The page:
Secure Flight critics want info

American Civil Liberties Union officials asked the Homeland Security Department to provide more information on plans to begin testing the Secure Flight airline passenger screening program.

Government Accountability Office officials must evaluate the impact of Secure Flight on aviation security before funds can be used for an identity verification system that uses private databases, according to the DHS Appropriations Act of 2005. That review hasn't been completed, ACLU officials say.

Although TSA and DHS officials have been publicizing Secure Flight testing, they have not mentioned a GAO report.

The program is the revamped version of the controversial Computer Assisted Passenger Prescreening System (CAPPS) II. ACLU officials said their concerns with CAPPS II apply to Secure Flight, including its reliance on commercial databases that critics say are riddled with mistakes.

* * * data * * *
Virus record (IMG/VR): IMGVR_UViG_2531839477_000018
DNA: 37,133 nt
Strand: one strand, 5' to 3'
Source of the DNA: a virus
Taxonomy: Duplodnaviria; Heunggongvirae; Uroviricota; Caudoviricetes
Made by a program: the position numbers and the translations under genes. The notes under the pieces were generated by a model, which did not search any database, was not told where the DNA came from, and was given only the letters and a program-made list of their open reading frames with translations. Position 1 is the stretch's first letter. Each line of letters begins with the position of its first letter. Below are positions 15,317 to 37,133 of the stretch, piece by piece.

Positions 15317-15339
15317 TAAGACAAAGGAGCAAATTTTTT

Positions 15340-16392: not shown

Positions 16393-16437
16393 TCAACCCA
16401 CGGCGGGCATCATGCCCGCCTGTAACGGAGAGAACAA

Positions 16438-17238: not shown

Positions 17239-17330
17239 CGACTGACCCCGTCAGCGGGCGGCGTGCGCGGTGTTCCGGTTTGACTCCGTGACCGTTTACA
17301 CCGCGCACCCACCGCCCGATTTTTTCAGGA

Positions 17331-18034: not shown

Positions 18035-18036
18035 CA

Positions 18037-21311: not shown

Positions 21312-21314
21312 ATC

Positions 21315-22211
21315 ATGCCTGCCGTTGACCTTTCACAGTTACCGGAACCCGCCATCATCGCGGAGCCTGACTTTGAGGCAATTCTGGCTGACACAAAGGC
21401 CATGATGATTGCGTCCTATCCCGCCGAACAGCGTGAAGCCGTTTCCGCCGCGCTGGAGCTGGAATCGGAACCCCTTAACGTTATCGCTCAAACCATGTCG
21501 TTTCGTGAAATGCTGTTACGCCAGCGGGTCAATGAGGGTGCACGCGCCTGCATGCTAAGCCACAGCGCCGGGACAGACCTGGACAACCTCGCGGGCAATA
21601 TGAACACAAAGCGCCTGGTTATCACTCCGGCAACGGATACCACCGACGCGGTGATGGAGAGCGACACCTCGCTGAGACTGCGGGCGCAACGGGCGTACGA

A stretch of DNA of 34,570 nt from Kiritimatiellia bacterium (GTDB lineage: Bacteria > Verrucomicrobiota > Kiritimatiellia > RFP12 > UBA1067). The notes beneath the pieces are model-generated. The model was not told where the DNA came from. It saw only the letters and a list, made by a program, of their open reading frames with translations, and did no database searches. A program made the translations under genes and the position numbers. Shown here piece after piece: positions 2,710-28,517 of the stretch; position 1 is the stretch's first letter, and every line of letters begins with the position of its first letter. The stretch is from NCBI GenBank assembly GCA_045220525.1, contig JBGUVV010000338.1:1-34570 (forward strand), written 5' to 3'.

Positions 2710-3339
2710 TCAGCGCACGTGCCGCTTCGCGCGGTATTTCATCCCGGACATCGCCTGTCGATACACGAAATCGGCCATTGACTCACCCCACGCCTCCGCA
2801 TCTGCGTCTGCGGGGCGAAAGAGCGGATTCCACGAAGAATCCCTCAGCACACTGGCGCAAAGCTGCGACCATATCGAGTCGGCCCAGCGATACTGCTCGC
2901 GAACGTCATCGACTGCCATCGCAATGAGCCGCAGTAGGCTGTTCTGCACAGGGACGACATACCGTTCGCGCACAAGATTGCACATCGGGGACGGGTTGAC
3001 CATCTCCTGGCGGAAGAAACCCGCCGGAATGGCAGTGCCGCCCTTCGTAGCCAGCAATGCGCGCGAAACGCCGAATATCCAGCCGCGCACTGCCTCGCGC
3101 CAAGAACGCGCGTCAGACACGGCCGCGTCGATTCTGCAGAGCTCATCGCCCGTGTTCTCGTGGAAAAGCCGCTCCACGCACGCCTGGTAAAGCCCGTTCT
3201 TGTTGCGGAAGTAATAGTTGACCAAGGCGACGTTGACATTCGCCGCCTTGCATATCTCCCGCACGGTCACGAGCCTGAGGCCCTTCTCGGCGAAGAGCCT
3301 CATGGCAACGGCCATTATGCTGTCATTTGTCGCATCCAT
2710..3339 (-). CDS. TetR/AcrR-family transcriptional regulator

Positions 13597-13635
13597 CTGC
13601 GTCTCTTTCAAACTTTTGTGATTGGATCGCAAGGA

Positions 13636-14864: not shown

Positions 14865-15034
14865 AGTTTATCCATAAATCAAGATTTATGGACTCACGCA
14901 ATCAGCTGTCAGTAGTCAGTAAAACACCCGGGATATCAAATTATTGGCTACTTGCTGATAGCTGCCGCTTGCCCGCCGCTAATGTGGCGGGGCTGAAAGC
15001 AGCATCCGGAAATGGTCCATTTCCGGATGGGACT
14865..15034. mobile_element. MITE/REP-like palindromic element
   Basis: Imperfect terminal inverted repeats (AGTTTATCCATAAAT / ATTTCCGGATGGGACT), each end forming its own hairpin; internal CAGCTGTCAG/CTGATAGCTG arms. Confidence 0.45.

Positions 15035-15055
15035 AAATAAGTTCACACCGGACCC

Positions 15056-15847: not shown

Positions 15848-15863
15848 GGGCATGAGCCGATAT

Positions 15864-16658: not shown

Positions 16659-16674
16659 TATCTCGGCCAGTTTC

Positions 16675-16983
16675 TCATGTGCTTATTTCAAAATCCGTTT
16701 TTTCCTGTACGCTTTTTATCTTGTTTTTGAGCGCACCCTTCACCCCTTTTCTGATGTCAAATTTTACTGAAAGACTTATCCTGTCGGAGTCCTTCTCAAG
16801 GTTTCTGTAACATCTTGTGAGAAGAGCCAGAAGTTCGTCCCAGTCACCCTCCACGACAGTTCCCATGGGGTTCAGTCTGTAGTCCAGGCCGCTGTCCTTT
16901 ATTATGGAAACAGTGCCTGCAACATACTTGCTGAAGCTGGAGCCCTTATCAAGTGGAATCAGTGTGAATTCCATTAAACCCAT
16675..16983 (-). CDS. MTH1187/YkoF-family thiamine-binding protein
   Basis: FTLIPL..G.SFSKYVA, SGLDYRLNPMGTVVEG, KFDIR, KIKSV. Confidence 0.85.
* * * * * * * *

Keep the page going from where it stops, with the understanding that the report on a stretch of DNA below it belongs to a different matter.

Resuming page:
"Even as tens of millions of travelers take to the skies next week, the government appears to be rushing headlong to test this intrusive new screening program," said Barry Steinhardt, director of the ACLU's Technology and Liberty Program. "Part of this screening program will rely on third-party commercial databases, and Congress wisely said there must be a thorough evaluation of the use of such databases before this test goes forward."

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